Members of PSAC include the Portland Business Alliance, the police bureau, neighborhood representatives, Office of Neighborhood Involvement (ONI), city hall staffers, homeless agencies and advocates.
The following are excerpts from a document scheduled for review by PSAC this month. (It’s unclear who would use the language for a PR campaign against panhandlers - possibly the Portland Business Alliance, ONI, or maybe the Portland Oregon Visitors Association.)
- Plan ahead and know where you’re going. Before leaving your hotel, request directions from the concierge or doorman. Ask the hotel’s staff to recommend safe, well-lighted routes.
- If you need to ask for directions on the street, look first for a green-jacketed Portland ambassador, a police or security officer, or other public employee.
- Whenever possible, travel with a friend or fellow conventioneer when sightseeing, shopping or going to and from meeting facilities.
- Use common safety sense. Be aware of your surroundings. If you feel unsafe, step into a shop or store. Look for a police officer or security personnel.
- Keep close watch on your personal belongings.
- If you have an emergency, call 9-1-1 for Police, Fire, or Emergency Medical Services. You can use any pay phone for free, or use your cell phone.
Panhandling: We all feel compassion for those in need. However, please do not encourage or reward panhandlers by giving money. A simple “No, sorry” is a sufficient reply to requests for spare change.
Aggressive panhandling is illegal in Portland. If someone confronts you or blocks your path and demands money, you do not have to comply. Such intimidation can be reported to the police by calling 9-1-1. Intimidating behavior may also be reported to the Downtown Clean & Safe office.”
Really the group is about spreading fear, as is outlined in the document above. Why would anyone want to visit Portland after reading something like this? Poor people have a right to ask for money (free-speech), organize, and take up public space – it’s that simple. Public space is for everyone.
So, in honor of Street Smarts, I’m asking Portlander’s, and tourists to personally give your extra pocket change to panhandlers downtown this summer.
Even more troubling, PSAC is set to look at the renewal of Portland’s controversial Obstruction as Nuisance ordinance, otherwise known as the sit/lie ordinance that prohibits a person from sitting, or lying on portions of a sidewalk downtown. Many believe the law is selectively enforced against poor and homeless people.
The ordinance has been a political football for years. After the ordinance was declared unconstitutional in 2004, city hall, and varying interest groups, including Sisters of the Road, and Street Roots signed on to an 18-month pilot project that would show outcomes of the ordinance.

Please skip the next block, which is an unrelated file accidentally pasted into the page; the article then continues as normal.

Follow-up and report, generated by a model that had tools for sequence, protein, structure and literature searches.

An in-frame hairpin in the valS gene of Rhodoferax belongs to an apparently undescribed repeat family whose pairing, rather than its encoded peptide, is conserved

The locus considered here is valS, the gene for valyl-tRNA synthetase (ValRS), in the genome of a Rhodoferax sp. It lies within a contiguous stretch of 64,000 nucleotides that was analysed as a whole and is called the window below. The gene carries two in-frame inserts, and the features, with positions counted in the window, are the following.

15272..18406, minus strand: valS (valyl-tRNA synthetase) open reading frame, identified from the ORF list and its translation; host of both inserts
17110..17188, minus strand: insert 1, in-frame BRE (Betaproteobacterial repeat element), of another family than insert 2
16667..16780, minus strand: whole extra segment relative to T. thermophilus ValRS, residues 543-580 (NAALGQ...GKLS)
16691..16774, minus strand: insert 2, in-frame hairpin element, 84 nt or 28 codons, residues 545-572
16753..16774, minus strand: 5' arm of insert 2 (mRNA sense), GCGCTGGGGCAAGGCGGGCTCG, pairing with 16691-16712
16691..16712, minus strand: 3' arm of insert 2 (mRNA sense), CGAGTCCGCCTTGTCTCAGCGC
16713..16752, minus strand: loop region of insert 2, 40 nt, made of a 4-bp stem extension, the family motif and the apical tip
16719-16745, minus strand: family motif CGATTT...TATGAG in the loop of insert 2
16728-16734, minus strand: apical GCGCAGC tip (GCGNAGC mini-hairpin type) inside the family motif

The ordinance is set to sunset on June 15.
In a letter sent to the mayor and council on May 1, Portland Business Alliance President, Michael R. Kuykendall says, “The Portland Police Bureau has been able to issue only five citations under the ordinance, and members of the downtown business community and residential communities regularly indicate that the criminal behavior intended to be controlled by the ordinance has only worsened since its passage.” Funny, I thought the ordinance was meant to enforce obstructing a portion of a sidewalk, not to “control criminal behavior.”
The letter sent by Kuykendall goes on to recommend an extension to the current ordinance, while the PSAC working group is, "tasked with conducting this review, and making recommendations to Council.”
Rumor has it, Kuykendall wants to replace the current ordinance with one that has teeth.
The Portland Business Alliance already heads up the flawed Real Change, Spare Change - a program that encourages people to give money to individual homeless agencies instead of panhandlers through a voucher program downtown.
While some will argue this is good process, the reality is the committee is lopsided in the favor of pro-business, and law enforcement. Only Sisters of the Road stands in the way of changing the minds of the PBA, multiple agencies, and the police bureau. And in a feel good town like Portland, that means the damage control patrol are swinging into full gear.
The mayor’s office is smart enough to know that while the committee may hold all the cards for the future of the ordinance, several attorney’s, and dozens of organizations locally, and nationally are keeping a watchful eye on the outcomes of the recommendations by the committee.
You can also check out an article on panhandling in Street Roots from June of 2004, PSAC, and Portland's Real Change, Spare Change program for more context.